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Things to Consider When Going into a Partnership Business

business partnership

 

Many times two friends will get together and come up with a great idea and decide to start a business.   The intention is to be a fifty-fifty partnership.   Then as time progresses this may not work out and one ends up buying the other out.   The decision then has to be made as to whether to keep the company as a sole owner or to take on another partner.   It isn’t quite so easy this time around.

You may not know the new potential partner so you are going to have to be a little more careful.   You need to first check out their credentials to be sure they can do what they say they can do.   Your partner is going to be taking on a lot of responsibility and your business is at risk here.   You need the individual you are going to be working with and who is going to own part of your company to be credible and trustworthy.

Be clear on the ground rules

Just as you expect this new potential partner to be up front with you then you need to do the same.   Be honest as to what the company is presently doing and fair with its projections.   Don’t sweeten the picture with inaccuracies just to draw the individual in.

You also need to be very clear as to the expectations and role that this new person to the company will have.   Ideally this individual should be able to take on the responsibilities in the company areas where you do not have the right expertise or the time for.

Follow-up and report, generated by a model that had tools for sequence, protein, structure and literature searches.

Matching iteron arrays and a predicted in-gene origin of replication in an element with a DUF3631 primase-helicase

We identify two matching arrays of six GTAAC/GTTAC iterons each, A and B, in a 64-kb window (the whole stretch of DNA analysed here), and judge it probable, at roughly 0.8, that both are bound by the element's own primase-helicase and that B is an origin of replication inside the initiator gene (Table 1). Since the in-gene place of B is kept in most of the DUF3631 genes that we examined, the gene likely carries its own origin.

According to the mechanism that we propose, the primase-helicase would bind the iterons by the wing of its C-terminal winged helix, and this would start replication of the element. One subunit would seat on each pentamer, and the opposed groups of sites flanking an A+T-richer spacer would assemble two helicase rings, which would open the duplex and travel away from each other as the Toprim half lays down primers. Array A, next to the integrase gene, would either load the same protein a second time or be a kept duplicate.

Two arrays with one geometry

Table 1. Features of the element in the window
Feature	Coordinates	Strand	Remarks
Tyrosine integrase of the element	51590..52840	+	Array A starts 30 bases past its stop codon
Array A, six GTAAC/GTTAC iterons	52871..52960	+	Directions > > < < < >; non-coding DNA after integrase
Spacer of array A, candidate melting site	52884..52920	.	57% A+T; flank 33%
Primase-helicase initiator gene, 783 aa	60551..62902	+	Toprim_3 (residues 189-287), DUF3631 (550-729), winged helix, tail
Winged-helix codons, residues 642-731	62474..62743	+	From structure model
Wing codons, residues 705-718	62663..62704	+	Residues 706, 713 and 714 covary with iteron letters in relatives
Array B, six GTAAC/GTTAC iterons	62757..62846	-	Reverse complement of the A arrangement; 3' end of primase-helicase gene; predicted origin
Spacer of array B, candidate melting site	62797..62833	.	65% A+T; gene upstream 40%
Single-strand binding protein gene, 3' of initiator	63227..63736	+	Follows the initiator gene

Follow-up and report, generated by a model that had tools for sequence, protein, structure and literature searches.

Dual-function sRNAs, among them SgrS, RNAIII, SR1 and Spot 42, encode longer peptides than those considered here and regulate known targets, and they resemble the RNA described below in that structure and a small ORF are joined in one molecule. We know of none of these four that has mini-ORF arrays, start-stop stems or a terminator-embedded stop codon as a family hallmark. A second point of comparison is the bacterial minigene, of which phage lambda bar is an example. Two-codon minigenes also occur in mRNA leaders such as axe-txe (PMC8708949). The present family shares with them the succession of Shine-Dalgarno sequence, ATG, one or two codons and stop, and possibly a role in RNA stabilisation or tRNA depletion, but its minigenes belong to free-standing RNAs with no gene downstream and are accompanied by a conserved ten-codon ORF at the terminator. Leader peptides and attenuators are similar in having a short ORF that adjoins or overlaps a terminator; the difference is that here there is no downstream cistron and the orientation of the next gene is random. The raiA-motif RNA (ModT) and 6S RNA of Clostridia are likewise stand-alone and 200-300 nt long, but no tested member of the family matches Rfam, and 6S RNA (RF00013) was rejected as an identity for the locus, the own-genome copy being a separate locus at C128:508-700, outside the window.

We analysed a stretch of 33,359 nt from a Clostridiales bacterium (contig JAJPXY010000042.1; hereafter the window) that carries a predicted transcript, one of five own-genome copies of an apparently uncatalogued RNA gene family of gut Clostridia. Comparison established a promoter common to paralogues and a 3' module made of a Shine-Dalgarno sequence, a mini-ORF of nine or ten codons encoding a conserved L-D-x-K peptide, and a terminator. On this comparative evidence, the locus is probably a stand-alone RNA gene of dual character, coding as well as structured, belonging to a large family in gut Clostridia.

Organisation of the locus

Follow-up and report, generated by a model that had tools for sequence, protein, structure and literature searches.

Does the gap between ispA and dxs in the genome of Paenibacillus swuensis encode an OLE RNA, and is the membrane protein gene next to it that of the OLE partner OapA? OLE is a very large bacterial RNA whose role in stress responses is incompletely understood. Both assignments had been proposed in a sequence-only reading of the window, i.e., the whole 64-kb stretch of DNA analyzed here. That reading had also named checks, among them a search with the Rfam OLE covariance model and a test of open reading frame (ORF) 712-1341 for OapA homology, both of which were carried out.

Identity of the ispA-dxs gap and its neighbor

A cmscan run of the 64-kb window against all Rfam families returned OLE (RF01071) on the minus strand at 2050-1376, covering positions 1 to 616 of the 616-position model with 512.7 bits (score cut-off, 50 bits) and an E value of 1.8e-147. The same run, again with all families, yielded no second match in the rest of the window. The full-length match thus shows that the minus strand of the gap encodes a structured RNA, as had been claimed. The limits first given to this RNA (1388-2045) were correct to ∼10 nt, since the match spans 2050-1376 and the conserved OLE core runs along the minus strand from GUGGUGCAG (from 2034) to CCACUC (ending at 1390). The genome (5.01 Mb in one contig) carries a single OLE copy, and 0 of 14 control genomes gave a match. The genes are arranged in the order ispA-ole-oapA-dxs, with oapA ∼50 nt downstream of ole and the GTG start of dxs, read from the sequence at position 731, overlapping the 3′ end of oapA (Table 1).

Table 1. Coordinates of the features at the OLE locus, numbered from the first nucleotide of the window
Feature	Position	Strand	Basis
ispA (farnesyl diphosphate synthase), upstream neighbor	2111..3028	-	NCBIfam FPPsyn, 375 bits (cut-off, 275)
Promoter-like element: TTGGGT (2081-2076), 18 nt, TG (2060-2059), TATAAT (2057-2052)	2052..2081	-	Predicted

Setting the goals as a partnership

You then need to start to determine what are the goals of the company going to be?  While up till now since you have been going it on your own, you have had your own ideas.   Now you must allow your partner to step in and play an active role in this by sharing their opinions and expectations.   If these are too far out of the scope you have set for the business, then you may need to think twice about taking on this particular partner.

A trial run

Depending on what type of financial investment is going to be put in place you may want to try a trial run for a few months to see how things are going to work out.   Let the potential partner take on the new role for a few months before making the final legal agreement.

 

Discuss the proposal with you accountant

It is a good idea once all of the other details are worked out, that you and the new potential partner sit down with your accountant and discuss your plans for partnership. This financial expert can also go over the financials of the company as they stand now so the new partner has a very clear picture of where the company is at financially.

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Sam Seidman, CPA, CA, LPA
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Toronto, Ontario
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Chartered Professional Accountant, Chartered Accountant, Licensed Public Accountant

Email: sam@torontoaccountant.ca

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